The value of mutual funds will also go up and down, but remember that the bundle of stocks in a mutual fund isn’t designed to be a copy of all the stocks in a specific stock index – it’s just a bundle of stuff put together by the manager at his/her/its discretion. You could have restaurant companies and oil companies on a bunch of different stock exchanges, all in one mutual fund basket – which isn’t how ETFs work.

Still with me? Breathe. The hard part is over. It’s time for the good stuff.

Basically every investing book will tell you that for the average person, fees will make or break your portfolio. Even half a percent (as in 3.5% fees vs 3% fees) can add up to hundreds of thousands of dollars of difference in total profits over the course of your investing career.

Huh? Why?

Because fees eat into the amount that you eventually get back from your initial investment.

Here’s an example. Let’s say your initial investment goes up in value by 5% but you’re paying 3% in fees. This means the profit you take home on your investment value is reduced to 2% (because they took 3% in fees away from your 5% value increase).

Even worse, a lot of mutual funds charge you these fees whether or not the fund actually increases in value. That means you may have to pay the 3% fee even though your investment value stayed the same, or declined in value. Let’s say the value of a fund decreased by 2% one year and you still have to pay 3% of your investment in fees. That means you’re losing money to your fees!

F*ck. That.

So, because of what I just explained, one of the most important factors in choosing between mutual funds and ETFs are obviously the fees associated with both. You can find these in the “Fund Facts’ documents that you get when you’re about to purchase an ETF or mutual fund. If you can’t find them, request them. MAKE SURE YOU CHECK ALL THE FEES ASSOCIATED WITH THE FUND YOU ARE CONSIDERING PURCHASING. 

So what’s the solution to this mega problem? The general advice around town is:
Paying less in fees = keeping more of your returns when your investment increases in value = more money in your (eventual) pocket.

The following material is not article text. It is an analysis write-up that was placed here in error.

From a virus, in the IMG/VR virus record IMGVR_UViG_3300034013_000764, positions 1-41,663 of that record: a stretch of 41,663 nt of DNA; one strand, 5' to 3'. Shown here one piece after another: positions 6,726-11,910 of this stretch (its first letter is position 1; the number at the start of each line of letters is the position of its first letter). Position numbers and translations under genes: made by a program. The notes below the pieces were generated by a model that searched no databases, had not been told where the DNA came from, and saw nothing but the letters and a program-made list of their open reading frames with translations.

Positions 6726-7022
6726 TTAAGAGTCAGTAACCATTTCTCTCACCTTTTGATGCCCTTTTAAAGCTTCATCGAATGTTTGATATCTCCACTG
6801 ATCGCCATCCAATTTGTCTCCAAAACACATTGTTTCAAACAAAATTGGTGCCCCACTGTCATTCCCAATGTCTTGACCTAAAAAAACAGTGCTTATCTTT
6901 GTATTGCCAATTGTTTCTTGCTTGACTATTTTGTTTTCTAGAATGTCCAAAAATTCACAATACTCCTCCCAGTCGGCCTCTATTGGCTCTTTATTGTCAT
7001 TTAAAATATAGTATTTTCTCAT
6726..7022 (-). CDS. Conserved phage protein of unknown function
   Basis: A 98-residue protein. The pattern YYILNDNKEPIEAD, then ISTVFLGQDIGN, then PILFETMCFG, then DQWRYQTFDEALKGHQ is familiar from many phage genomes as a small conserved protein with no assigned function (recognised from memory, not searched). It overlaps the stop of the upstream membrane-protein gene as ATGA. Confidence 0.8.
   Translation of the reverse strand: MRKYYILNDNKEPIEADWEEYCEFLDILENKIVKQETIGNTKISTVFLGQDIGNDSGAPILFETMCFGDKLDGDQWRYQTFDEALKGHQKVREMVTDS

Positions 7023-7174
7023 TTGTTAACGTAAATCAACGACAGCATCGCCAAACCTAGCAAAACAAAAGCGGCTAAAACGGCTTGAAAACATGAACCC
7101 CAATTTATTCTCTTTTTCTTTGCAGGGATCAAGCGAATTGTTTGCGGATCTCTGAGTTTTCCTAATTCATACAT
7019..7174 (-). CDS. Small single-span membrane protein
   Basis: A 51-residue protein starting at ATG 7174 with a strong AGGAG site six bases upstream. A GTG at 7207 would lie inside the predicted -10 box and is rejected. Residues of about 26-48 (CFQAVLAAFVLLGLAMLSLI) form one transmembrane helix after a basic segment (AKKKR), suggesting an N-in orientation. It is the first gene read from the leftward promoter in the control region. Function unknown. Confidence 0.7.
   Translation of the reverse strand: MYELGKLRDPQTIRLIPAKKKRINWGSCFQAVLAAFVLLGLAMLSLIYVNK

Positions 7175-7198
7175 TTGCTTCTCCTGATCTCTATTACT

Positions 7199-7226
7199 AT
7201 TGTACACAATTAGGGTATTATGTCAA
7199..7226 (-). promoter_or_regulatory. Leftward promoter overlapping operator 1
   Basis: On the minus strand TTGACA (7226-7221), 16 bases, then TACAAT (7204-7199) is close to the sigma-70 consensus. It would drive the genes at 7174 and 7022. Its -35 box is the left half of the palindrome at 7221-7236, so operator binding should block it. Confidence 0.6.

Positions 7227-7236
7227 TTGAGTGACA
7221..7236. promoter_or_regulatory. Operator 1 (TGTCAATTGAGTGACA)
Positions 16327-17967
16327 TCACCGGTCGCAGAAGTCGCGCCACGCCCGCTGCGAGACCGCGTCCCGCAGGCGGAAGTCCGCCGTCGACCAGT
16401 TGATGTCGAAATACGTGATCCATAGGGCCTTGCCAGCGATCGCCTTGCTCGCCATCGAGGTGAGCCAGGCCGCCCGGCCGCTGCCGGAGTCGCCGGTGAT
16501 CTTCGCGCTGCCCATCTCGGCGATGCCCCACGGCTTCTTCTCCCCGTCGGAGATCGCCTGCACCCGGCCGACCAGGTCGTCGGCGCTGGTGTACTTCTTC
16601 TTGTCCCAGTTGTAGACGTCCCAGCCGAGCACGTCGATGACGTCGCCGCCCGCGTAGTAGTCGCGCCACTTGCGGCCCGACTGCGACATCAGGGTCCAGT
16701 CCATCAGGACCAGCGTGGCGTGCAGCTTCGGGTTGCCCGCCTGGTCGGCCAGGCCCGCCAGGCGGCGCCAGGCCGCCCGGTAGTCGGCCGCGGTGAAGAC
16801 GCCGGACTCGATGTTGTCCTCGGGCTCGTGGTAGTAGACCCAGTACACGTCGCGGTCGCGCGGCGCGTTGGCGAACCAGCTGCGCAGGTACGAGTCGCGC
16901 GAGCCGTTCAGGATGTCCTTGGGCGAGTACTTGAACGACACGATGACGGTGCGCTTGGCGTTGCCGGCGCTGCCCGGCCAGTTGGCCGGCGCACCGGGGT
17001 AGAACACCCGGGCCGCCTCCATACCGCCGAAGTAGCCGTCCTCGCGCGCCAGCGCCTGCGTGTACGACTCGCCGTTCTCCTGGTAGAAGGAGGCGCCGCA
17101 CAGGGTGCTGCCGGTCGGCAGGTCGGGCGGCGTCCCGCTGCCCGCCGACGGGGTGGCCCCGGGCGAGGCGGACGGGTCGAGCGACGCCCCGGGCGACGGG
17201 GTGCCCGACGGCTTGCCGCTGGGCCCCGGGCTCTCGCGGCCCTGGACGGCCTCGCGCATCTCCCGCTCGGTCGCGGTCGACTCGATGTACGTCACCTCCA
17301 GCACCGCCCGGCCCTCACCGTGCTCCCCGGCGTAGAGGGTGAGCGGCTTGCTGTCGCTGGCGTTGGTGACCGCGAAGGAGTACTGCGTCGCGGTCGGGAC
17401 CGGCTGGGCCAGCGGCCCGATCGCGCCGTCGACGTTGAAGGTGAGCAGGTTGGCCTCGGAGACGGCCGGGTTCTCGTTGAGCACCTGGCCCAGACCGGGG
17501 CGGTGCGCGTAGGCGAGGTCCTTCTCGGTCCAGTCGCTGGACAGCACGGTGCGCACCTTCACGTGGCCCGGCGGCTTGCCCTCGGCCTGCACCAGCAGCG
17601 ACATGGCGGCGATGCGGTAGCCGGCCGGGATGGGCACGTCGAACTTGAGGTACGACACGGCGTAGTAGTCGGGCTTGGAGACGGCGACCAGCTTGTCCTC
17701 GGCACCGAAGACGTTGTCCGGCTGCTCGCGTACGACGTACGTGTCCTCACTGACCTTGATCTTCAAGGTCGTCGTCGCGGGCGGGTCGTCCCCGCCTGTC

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Crazy, I know. Remember how I said even a minor difference in fees can make a dramatic difference in your investments over a long period of time? Mutual funds usually have higher fees than ETFs (but make sure you confirm this by comparison before you go out and buy anything). This makes ETFs a pretty attractive option for the average investor who doesn’t have a huge net-worth, because otherwise fees might eat up most of your gains in the market. Paying high fees usually means you’re making money for your mutual fund managers, but not necessarily for YOU.

There are definitely other differences between these products and other factors that affect how you can generate wealth through investments (again, check out the links below for more information), but one of the most important differences between mutual funds and ETFs, from your perspective, should be the fees that it costs to buy and stay invested in the product.

You made it to the end of the article! I’m proud of you for sticking with it. I’m going to cover more financial topics (RRSPs, TFSAs, credit card debt, student loans) in my Money Talks articles, so make sure to come back and check them out if you found this article helpful! If you want to ask me to cover a specific topic, reach out to me here or on Instagram!

If you want to learn more about investing, read through some of the articles provided by the Ontario Securities Commission on things like The Different Kinds of Mutual Fund, Investing Basics and Investing Risks. They give a way more fulsome picture than I can describe here on a small, personal blog.

Disclosure: This article is meant to provide basic, general information and does not provide any kind of legal, financial, or professional advice. Always contact a qualified and/or licensed professional for any personal or specific advice you may be seeking.